‘Application diversity’ measures the number of different applications identified for each relevant patent and broadly splits companies into either ‘niche’ or ‘diversified’ innovators.
‘Geographic reach’ refers to the number of different countries each relevant patent is registered in and reflects the breadth of geographic application intended, ranging from ‘global’ to ‘local’.
Patent volumes related to UAV swarm control
|Company||Total patents (2010 - 2021)||Premium intelligence on the world's largest companies|
|Intel||65||Unlock company profile|
|Tevel Aerobotics Technologies||43||Unlock company profile|
|Boeing||34||Unlock company profile|
|Proxy Technologies||31||Unlock company profile|
|Sony Group||19||Unlock company profile|
|Genghiscomm Holdings||18||Unlock company profile|
|SoftBank Group||17||Unlock company profile|
|Amazon.com||17||Unlock company profile|
|Sunlight Photonics||14||Unlock company profile|
|Kitty Hawk||12||Unlock company profile|
|Walmart||12||Unlock company profile|
|Donecle||12||Unlock company profile|
|SZ DJI Technology||11||Unlock company profile|
|Thales||10||Unlock company profile|
|Israel Aerospace Industries||8||Unlock company profile|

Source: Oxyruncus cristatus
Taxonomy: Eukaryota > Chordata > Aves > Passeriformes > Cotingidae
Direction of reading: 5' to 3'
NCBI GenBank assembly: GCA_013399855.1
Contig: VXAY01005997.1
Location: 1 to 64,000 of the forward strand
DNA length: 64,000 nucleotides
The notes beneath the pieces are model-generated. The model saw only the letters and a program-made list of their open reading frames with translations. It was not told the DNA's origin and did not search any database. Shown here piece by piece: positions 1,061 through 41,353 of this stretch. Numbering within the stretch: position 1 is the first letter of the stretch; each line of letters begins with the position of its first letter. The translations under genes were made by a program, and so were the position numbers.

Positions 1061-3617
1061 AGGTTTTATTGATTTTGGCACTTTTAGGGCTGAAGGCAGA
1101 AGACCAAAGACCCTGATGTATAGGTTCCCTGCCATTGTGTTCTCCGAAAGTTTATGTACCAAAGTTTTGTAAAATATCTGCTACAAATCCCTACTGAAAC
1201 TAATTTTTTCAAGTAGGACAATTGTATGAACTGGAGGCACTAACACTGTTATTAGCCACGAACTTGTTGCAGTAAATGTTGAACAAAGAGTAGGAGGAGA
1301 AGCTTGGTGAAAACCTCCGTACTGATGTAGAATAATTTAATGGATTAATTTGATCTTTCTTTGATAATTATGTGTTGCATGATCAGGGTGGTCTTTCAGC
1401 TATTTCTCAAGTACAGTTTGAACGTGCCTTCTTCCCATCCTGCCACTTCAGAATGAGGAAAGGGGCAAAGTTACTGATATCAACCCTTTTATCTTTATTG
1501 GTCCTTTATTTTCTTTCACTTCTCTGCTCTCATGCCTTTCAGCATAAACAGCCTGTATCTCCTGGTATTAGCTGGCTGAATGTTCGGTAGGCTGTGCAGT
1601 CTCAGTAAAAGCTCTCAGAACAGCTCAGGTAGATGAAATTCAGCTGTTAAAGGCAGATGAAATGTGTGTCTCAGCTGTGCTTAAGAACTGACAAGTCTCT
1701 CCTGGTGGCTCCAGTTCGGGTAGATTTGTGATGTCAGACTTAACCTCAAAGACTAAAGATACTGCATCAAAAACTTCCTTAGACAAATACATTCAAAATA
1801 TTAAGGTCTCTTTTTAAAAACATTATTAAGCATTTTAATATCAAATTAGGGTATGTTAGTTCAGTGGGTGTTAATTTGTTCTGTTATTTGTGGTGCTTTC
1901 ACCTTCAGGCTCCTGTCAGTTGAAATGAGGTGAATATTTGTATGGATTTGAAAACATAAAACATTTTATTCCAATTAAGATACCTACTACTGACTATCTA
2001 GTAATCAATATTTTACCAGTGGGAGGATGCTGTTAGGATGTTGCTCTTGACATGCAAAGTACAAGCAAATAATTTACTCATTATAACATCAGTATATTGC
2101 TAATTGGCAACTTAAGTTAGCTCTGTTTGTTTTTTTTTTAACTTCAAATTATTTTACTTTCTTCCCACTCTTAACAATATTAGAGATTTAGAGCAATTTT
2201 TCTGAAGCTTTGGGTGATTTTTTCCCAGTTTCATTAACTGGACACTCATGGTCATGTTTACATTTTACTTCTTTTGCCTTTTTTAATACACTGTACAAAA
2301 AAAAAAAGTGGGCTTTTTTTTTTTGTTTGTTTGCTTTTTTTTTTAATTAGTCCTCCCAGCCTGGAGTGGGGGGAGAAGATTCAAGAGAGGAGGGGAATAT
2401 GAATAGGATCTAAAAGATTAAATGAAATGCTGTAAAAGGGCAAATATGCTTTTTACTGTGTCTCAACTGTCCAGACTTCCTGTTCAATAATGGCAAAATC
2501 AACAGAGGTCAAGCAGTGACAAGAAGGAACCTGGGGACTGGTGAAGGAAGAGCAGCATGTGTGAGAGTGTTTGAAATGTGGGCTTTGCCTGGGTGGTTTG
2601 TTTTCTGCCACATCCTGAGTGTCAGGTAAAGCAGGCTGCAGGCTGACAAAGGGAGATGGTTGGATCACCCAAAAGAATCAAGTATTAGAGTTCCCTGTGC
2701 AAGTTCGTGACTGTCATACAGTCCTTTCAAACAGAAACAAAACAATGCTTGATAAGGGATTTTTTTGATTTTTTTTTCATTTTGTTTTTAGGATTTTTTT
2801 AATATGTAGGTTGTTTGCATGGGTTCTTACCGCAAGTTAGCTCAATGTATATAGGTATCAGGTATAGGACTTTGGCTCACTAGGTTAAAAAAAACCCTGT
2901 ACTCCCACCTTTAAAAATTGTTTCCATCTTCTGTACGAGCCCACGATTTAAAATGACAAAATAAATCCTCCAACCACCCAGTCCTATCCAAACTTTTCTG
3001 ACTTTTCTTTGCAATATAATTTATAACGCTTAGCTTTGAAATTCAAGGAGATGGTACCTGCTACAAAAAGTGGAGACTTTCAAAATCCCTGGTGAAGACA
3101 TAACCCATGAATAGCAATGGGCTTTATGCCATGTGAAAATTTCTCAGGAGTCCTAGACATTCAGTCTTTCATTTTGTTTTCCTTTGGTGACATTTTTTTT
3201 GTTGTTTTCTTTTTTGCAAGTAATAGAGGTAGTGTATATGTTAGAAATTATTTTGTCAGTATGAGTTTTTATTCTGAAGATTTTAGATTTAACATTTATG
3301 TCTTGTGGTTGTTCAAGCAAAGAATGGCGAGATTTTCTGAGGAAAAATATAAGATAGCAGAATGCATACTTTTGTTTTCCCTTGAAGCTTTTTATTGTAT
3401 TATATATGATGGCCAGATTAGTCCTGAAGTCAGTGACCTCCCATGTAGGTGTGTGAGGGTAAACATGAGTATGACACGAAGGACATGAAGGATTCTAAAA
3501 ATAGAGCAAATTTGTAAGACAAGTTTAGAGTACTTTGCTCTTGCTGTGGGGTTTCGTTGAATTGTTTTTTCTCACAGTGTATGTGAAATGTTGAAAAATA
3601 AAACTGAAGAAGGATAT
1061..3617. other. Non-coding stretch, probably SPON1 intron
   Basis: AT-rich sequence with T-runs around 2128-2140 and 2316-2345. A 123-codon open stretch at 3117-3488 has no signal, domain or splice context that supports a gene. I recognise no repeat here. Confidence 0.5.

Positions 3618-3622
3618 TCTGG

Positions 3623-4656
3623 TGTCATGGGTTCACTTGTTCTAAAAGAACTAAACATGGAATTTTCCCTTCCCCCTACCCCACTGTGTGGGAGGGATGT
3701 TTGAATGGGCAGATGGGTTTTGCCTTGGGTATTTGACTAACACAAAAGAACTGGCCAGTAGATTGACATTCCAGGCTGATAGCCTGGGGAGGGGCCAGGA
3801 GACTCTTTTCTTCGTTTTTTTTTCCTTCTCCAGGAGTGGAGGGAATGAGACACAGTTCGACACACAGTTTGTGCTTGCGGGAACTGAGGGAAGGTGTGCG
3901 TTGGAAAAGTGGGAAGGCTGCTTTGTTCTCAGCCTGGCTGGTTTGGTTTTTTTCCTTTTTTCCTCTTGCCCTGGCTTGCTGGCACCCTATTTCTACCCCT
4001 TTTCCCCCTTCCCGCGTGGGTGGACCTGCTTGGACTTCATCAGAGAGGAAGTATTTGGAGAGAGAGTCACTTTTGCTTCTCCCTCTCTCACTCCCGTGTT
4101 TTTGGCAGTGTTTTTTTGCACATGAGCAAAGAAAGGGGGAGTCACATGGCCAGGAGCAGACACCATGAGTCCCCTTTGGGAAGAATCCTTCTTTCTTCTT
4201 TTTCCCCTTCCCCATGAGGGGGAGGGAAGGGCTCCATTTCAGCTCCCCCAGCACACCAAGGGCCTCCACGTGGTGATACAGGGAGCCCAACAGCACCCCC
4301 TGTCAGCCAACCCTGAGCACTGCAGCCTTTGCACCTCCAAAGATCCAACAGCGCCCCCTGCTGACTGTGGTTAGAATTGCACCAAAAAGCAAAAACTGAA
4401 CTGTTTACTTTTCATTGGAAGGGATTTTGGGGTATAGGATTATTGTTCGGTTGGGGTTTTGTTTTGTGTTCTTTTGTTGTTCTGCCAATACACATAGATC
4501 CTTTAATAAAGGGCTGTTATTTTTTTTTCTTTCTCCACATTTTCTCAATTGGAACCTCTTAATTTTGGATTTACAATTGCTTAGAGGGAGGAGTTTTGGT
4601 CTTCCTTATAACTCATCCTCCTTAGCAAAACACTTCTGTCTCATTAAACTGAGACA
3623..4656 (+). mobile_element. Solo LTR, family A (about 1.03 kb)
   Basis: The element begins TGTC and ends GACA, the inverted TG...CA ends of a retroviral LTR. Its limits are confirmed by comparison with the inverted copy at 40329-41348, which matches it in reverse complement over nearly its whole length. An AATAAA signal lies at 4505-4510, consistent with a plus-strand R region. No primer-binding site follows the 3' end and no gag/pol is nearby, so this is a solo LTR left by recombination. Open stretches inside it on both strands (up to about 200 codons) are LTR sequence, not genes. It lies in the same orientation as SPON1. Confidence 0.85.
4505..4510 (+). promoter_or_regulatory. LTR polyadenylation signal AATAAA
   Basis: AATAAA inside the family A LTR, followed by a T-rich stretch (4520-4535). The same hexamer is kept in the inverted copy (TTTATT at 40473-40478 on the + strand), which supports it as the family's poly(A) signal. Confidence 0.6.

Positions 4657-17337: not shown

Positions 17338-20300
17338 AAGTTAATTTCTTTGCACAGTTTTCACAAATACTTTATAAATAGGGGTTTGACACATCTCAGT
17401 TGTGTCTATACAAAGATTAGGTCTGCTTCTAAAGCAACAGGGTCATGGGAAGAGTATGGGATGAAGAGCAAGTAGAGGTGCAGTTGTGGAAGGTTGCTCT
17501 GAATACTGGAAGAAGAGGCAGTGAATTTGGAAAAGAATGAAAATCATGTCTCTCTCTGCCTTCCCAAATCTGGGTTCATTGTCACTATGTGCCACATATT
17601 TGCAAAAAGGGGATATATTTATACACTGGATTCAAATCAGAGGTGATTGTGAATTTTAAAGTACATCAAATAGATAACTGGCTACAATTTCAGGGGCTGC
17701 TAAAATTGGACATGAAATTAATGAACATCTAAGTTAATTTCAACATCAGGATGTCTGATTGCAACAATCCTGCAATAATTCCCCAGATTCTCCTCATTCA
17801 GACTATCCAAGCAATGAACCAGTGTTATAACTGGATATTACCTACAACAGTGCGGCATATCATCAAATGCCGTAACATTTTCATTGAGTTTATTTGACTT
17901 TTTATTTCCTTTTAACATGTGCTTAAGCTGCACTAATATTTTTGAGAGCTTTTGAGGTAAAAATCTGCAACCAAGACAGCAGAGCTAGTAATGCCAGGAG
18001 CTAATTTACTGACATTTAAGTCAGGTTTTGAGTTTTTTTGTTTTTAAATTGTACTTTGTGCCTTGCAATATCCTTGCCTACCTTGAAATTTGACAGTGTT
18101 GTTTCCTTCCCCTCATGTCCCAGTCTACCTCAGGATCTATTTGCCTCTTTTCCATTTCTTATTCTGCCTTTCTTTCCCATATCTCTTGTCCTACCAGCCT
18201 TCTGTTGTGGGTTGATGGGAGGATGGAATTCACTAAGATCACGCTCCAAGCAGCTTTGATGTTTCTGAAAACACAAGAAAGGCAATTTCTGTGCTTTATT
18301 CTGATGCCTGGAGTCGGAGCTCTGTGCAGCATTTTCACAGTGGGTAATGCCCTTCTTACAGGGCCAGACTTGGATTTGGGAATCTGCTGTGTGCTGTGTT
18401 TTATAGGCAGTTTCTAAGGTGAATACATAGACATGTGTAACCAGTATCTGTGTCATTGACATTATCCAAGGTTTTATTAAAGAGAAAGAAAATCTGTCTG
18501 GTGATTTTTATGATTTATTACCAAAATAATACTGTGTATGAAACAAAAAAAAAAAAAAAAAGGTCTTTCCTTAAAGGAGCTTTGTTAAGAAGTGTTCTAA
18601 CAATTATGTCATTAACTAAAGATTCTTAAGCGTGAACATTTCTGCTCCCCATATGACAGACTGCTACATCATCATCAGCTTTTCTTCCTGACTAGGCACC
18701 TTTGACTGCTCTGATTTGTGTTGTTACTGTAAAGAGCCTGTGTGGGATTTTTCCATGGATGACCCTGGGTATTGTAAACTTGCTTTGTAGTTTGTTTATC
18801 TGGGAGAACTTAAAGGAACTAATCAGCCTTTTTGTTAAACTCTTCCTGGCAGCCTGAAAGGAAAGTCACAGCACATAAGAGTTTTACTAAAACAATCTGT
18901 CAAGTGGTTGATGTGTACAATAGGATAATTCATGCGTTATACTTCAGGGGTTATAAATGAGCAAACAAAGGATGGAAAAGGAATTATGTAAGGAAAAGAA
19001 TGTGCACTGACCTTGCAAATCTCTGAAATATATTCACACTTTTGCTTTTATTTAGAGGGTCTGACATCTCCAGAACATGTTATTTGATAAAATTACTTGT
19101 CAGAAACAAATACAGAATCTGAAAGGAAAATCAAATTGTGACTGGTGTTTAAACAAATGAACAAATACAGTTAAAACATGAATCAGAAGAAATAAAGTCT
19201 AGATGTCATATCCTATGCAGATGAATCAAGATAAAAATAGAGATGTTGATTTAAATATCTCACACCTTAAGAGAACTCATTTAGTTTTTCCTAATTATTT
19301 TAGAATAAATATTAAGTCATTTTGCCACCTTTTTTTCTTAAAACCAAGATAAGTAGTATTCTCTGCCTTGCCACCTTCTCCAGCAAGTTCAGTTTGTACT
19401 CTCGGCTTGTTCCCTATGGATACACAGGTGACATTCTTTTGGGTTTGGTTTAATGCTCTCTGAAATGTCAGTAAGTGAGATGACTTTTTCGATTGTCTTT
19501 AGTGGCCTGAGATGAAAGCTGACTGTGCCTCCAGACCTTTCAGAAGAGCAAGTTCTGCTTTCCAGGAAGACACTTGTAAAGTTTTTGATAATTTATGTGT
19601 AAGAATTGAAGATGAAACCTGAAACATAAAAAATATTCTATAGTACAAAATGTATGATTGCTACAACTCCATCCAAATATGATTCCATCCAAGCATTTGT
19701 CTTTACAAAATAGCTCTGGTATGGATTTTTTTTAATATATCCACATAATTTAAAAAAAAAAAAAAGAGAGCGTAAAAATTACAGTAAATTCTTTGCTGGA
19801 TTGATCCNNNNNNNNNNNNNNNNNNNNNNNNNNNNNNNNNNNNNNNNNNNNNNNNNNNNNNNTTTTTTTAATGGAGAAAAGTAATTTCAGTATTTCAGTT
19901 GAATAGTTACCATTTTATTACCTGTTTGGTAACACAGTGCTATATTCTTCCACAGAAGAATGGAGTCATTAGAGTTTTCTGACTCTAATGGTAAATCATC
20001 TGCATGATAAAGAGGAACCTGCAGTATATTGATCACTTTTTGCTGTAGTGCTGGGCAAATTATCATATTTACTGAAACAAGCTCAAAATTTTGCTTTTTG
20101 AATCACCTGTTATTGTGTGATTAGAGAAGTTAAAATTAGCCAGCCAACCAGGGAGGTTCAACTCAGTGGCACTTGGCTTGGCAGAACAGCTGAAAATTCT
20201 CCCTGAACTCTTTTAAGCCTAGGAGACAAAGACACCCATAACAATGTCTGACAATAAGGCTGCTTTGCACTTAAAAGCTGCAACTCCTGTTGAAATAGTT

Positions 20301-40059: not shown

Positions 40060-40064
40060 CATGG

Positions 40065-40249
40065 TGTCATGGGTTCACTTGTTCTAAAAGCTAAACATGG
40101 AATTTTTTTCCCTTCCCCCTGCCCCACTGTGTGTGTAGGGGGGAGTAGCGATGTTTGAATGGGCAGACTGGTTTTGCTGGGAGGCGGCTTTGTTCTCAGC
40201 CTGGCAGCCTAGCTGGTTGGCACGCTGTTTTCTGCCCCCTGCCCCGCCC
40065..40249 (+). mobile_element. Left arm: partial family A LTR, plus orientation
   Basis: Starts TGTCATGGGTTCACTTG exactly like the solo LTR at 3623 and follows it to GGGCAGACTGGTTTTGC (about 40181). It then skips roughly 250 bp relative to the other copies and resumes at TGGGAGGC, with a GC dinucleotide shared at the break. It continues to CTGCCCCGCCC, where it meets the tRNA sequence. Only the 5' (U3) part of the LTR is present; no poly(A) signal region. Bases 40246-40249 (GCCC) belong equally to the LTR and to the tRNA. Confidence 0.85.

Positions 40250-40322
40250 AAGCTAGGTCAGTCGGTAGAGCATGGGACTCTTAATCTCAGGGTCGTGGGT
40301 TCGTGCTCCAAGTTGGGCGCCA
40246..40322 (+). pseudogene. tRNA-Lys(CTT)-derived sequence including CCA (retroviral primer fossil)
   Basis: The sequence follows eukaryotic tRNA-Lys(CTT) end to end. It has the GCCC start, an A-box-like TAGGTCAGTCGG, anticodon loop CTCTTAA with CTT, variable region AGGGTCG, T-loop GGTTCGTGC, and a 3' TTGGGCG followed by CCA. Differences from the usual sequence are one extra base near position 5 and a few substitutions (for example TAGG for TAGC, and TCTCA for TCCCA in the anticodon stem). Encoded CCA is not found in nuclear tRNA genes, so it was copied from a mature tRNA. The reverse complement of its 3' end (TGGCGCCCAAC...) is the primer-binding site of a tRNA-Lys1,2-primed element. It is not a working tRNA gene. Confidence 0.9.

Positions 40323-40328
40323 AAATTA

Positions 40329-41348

|Liebherr-International||8||Unlock company profile|
|Telefonaktiebolaget LM Ericsson||7||Unlock company profile|
|PABLO AIR||6||Unlock company profile|
|AeroVironment||6||Unlock company profile|
|Robotic Research||6||Unlock company profile|
|JD.com||6||Unlock company profile|
|Panasonic||6||Unlock company profile|
|Intellectual Ventures Management||6||Unlock company profile|
|vHive Tech||5||Unlock company profile|
|Rakuten Group||5||Unlock company profile|
|Microsoft||5||Unlock company profile|
|Infinium Robotics||5||Unlock company profile|
Source: GlobalData Patent Analytics
The leading filer of patents related to UAV swarm control over the last several years has been Intel, as the company has invested heavily in this technology for use in light shows amongst other commercial applications. Tevel Aerobotics Technologies is the second largest patent filer in the UAV swarm control domain, having conducted extensive research and development on this technology for applications in agriculture and other commercial sectors. Boeing has developed UAV swarm control solutions for the defence sector which utilise ScanEagle UAVs and a single operator, however this technology is still in the demonstration phase.
In terms of application diversity, Robotic Research is the largest company, followed by Israel Aerospace Industries and Sony Group in second and third places, respectively. By geographic reach, Tevel Aerobotics Technologies is the top company, followed by Donecle and Israel Aerospace Industries.
Whilst many of the existing patent filings are commercial, the technology has significant military applications and investment by companies including Boeing and Israel Aerospace Industries demonstrates this.
To further understand how Internet of Things is disrupting the aerospace and defence industry, access GlobalData’s latest thematic research report on Thematic Research - Internet of Military Things.